GSK’s RSV vaccine approved in EU for older adults

Betsy Goodfellow | June 7, 2023 | News story | Medical Communications EU, GSK, Infections and infestations, RSV, Vaccine 

GSK has announced that the European Commission (EC) has authorised Arexvy, the company’s respiratory syncytial virus (RSV) vaccine for active immunisation for the prevention of lower respiratory tract disease (LRTD) caused by RSV in adults over the age of 60 years.

This authorisation marks the first time an RSV vaccine for older adults has received European Marketing Authorisation, with launches planned ahead of the 2023/2024 RSV season which is expected to begin in the autumn.

The vaccine’s approval follows positive data from GSK’s AReSVi-006 phase 3 trial, in which the vaccine showed statistically significant and clinically meaningful overall efficacy of 82.6% against RSV-LRTD in adults over the age of 60. The efficacy was also 94.6% in older adults with at least one underlying medical condition including cardiorespiratory and endocrine-metabolic conditions.

Tony Wood, chief scientific officer at GSK, commented: “Thousands of older adults across Europe suffer serious respiratory illness due to RSV each year. This authorisation for Arexvy means eligible adults can be vaccinated against RSV disease for the first time, reinforcing GSK’s long history of vaccine innovation. Our strong manufacturing capability and scale, including from our vaccine manufacturing site in Belgium, means we are ready to deliver the vaccine as countries begin to launch.”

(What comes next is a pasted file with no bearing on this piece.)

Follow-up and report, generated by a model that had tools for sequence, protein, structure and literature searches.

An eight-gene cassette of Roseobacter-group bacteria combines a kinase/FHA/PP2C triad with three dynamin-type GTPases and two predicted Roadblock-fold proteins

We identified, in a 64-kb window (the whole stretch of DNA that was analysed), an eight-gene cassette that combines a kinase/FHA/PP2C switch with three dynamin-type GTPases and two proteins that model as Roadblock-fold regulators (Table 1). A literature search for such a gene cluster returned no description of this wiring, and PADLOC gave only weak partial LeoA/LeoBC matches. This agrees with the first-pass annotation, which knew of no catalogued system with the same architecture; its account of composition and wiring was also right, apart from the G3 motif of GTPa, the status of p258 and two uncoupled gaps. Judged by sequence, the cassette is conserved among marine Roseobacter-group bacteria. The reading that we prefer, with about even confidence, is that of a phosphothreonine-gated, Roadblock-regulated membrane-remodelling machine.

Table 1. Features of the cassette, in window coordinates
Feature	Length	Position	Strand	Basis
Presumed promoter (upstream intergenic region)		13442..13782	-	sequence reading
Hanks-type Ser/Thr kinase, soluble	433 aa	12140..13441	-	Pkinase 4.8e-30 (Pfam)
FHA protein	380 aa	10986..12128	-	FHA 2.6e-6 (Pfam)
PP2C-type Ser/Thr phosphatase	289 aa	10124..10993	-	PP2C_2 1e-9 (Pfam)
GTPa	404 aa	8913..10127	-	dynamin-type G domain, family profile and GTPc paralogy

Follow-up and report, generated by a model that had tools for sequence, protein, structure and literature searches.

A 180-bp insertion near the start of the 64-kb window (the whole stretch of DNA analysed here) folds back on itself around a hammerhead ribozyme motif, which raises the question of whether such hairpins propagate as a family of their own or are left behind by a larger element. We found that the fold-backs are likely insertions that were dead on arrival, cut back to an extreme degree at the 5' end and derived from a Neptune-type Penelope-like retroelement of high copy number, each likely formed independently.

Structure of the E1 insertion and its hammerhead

Dr Alberto Papi, full professor of respiratory medicine and head at the University of Ferrara, added: “For most, RSV causes cold-like symptoms. For older adults and those with underlying medical conditions however, it can lead to severe disease and is a leading cause of serious respiratory infections. As scientists, we have been trying to find a solution for over 60 years. I am proud to have been part of the innovation that has resulted in a vaccine now being available to help protect eligible older adults across Europe from severe RSV disease for the first time.”

Betsy Goodfellow

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